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Multiple Sclerosis -
A Guide For Patients & Their Families




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Multiple Sclerosis is the most common cause of Neurological disability that attacks men and women between the ages of 15 and 55. Approximately 90% have their onset in this age range.

After Trauma and Arthritic Disorders, Multiple Sclerosis is the most important cause of moderate to severe disabilty of adult life. Generally MS strikes persons who are healthy, intelligent, and well educated. It cannot be attributed to any known "failing" or cause.

MS is a Chronic Illness that can affect most Motor and Sensory functions of the Nervous System. Pain and Loss Of Mental Faculties are rare.

The disease varies in serverity and allows some to lead full, productive lives, whereas others become severly disabled.

Although the cause of MS is unknown, it is thought to be the result of an abnormal response of the body to persistent infections. Much of the current research is directed along these lines.

Moreover, there is no specific treatment, and nothing alters its unpredictable course. Attacks and remissions come without warning, confusing both patient and their families.

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Multiple Sclerosis is a Chronic, sometimes Disabling disease of the Central Nervous System; it is almost always confusing and frustrating to the patient and their families.

The diagnosis may be learned only after repeated examinations, and the response may be a sense of dread or in many cases one of relief after long periods of uncertainty and concern.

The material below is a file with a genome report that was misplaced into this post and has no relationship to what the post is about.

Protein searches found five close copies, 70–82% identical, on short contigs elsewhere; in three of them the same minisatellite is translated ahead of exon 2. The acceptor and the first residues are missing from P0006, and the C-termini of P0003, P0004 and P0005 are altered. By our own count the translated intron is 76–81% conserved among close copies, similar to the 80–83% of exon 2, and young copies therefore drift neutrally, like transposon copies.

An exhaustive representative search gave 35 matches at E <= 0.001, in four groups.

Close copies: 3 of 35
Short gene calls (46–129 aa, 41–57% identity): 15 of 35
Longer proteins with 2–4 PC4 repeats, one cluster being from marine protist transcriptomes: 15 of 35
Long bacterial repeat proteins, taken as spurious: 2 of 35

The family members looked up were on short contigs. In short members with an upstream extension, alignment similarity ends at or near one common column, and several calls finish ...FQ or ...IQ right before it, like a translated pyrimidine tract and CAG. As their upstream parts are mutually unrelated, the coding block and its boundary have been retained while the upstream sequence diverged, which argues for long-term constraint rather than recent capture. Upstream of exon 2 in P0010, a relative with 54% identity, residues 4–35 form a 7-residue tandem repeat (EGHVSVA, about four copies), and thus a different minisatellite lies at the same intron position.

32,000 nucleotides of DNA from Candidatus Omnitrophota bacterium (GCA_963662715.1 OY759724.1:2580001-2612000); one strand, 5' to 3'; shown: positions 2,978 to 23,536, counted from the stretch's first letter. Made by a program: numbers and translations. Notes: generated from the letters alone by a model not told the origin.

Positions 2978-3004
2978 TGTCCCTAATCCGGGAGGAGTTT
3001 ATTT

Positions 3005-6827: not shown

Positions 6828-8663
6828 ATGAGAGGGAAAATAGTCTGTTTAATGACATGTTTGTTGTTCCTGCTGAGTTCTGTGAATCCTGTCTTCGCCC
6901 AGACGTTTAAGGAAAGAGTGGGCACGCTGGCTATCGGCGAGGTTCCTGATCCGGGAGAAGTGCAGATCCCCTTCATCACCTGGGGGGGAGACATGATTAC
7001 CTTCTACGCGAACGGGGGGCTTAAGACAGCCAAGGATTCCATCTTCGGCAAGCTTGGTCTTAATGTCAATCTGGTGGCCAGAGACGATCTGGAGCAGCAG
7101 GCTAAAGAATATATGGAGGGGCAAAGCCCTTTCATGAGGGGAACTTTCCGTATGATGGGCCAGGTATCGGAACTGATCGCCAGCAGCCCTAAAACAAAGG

MS is a variable disease in its severity, the milder cases may enjoy a full active life, while the more severe cases will become more disabled over time.


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MS is a disease in which the insulation surrounding Nerve Fibers of the CNS (the Brain and Spinal Cord) is damaged. Tissue outside the CNS is not involved in the disease.

Infections of the Urinary and Respiratory Systems, are simply complications of Multiple Sclerosis. The CNS is characterized by the specialized activities of its component cells.

Actions and reactions of the individual's body depend on "news" of the stimulus being transmitted to the Brain, the Brain's reaction, and "instructions" on how to react to the stimulus then being sent from the Brain back to the original point.

This coordinated transmission of a Nerve Impulse from one Nerve Cell to the next underlies nervous tissue function and is dependent on the connections among the Nerve Cells. These connections are called Nerve Fibers.

The coordination among these Nerve Cells is a result of the integrity and the speed of conduction of an impulse along the Nerve Fibers to the Synapse to the next cell.

Myelin - a fatty substance that surrounds the nerve fibers, forming a sheath - is made and maintained by a cell called the Oligodendrocyte and enhances the velocity with which Nerve Impulses are conducted along the Nerve Fibers (Axons).

The conduction of an impulse along an Axon (the nerve fiber leading to the Synapse) may be viewed as similar to the movement of current in an electric wire.

Myelin provides the insulation around Nerve Fibers and allows only a small portion of the nerve fiber membrane to become Depolarized and the Impulse is transmitted.